LendKey: Refinancing via LendKey.com is only available for applicants with qualified private education loans from an eligible institution. Loans that were used for exam preparation classes, including, but not limited to, loans for LSAT, MCAT, GMAT, and GRE preparation, are not eligible for refinancing with a lender via LendKey.com. If you currently have any of these exam preparation loans, you should not include them in an application to refinance your student loans on this website. Applicants must be either U.S. citizens or Permanent Residents in an eligible state to qualify for a loan. Certain membership requirements (including the opening of a share account and any applicable association fees in connection with membership) may apply in the event that an applicant wishes to accept a loan offer from a credit union lender. Lenders participating on LendKey.com reserve the right to modify or discontinue the products, terms, and benefits offered on this website at any time without notice. LendKey Technologies, Inc. is not affiliated with, nor does it endorse, any educational institution.
CommonBond: Offered terms are subject to change. Loans are offered by CommonBond Lending, LLC (NMLS # 1175900). If you are approved for a loan, the interest rate offered will depend on your credit profile, your application, the loan term selected and will be within the ranges of rates shown. All Annual Percentage Rates (APRs) displayed assume borrowers enroll in auto pay and account for the 0.25% reduction in interest rate.
Splash Financial: Terms and Conditions apply. Splash reserves the right to modify or discontinue products and benefits at any time without notice. Rates and terms are also subject to change at any time without notice. Offers are subject to credit approval.com
Earnest: To qualify, you must be a U.S. citizen or possess a 10-year (non-conditional) Permanent Resident Card, reside in a state Earnest lends in, and satisfy our minimum eligibility criteria. You may find more information on loan eligibility here: https://www.earnest.com/eligibility. Not all applicants will be approved for a loan, and not all applicants qualify for the lowest rate. Approval and interest rate depend on the review of a complete application.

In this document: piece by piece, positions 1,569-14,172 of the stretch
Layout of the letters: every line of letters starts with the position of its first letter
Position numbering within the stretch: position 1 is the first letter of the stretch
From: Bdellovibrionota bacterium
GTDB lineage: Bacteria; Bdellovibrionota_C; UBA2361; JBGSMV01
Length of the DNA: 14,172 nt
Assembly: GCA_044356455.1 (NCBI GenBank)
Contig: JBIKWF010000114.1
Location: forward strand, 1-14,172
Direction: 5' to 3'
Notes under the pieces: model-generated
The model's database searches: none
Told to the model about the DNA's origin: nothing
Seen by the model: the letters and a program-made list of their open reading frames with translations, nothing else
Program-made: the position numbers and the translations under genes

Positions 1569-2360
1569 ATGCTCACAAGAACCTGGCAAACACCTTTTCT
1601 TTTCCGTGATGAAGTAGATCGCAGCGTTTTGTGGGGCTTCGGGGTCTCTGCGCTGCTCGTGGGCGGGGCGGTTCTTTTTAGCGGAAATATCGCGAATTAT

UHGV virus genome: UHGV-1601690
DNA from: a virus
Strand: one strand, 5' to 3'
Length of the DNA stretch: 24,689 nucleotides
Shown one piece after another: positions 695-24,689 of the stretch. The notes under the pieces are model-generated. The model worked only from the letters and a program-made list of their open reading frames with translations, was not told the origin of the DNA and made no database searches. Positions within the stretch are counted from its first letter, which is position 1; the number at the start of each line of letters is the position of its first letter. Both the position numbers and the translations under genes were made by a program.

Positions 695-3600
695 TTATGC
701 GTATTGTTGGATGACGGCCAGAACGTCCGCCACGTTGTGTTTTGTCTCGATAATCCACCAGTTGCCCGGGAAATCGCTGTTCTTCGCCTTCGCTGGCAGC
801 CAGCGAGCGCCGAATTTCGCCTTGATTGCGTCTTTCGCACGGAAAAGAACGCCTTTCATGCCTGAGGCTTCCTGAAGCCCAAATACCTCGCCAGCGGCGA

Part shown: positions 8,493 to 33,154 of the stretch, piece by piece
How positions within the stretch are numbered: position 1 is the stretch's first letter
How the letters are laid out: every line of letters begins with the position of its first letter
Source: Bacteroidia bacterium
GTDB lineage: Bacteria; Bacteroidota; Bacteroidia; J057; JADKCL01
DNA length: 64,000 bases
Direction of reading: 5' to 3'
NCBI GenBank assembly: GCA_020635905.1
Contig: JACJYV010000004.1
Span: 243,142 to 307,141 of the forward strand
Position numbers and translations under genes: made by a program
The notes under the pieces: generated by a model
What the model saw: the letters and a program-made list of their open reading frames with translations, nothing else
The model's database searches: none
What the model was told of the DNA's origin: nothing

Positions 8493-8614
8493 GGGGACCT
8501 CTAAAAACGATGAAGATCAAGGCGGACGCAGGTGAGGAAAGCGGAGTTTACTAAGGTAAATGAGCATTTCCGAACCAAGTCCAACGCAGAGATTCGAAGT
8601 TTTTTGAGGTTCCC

Earnest’s fixed-rate loan rates range from 3.89% APR (with autopay) to 7.89% APR (with autopay). Variable rate loan rates range from 2.50% APR (with autopay) to 7.27% APR (with autopay). For variable rate loans, although the interest rate will vary after you are approved, the interest rate will never exceed 8.95% for loan terms of 10 years or less. For loan terms of 10 to 15 years, the interest rate will never exceed 9.95%. For loan terms over 15 years, the interest rate will never exceed 11.95% (the maximum rates for these loans). Earnest variable interest rate loans are based on a publicly available index, the one month London Interbank Offered Rate (LIBOR). Your rate will be calculated each month by adding a margin between 0.26% and 5.03% to the one month LIBOR. The rate will not increase more than once per month. Earnest rate ranges are current as of April 23, 2019 and are subject to change based on market conditions and borrower eligibility.
Auto Pay Discount: If you make monthly principal and interest payments by an automatic, monthly deduction from a savings or checking account, your rate will be reduced by one quarter of one percent (0.25%) for so long as you continue to make automatic, electronic monthly payments. This benefit is suspended during periods of deferment and forbearance.
The information provided on this page is updated as of 04/23/19. Earnest reserves the right to change, pause, or terminate product offerings at any time without notice.
Earnest loans are originated by Earnest Operations LLC. California Finance Lender License 6054788. NMLS # 1204917. Earnest Operations LLC is located at 303 2nd Street, Suite 401N, San Francisco, CA 94107. Terms and Conditions apply. Visit https://www.earnest.com/terms-of-service, e-mail us at email@example.com, or call 888-601-2801 for more information on our student loan refinance product.
Ascent: Ascent’s undergraduate and graduate student are funded by Bank of Lake Mills, Member FDIC. Loan products may not be available in certain jurisdictions. Certain restrictions, limitations; and terms and conditions may apply. For Ascent Terms and Conditions please visit: www.AscentFunding.com/Ts&Cs. Rates are effective as of 5/1/2023 and reflect an automatic payment discount of either 0.25% (for credit-based loans) OR 1.00% (for undergraduate outcomes-based loans). Automatic Payment Discount is available if the borrower is enrolled in automatic payments from their personal checking account and the amount is successfully withdrawn from the authorized bank account each month. For Ascent rates and repayment examples please visit: AscentFunding.com/Rates. 1% Cash Back Graduation Reward subject to terms and conditions. Cosigned Credit-Based Loan student must meet certain minimum credit criteria. The minimum score required is subject to change and may depend on the credit score of your cosigner. Lowest APRs require interest-only payments, the shortest loan term, and a cosigner, and are only available to our most creditworthy applicants and cosigners with the highest average credit scores.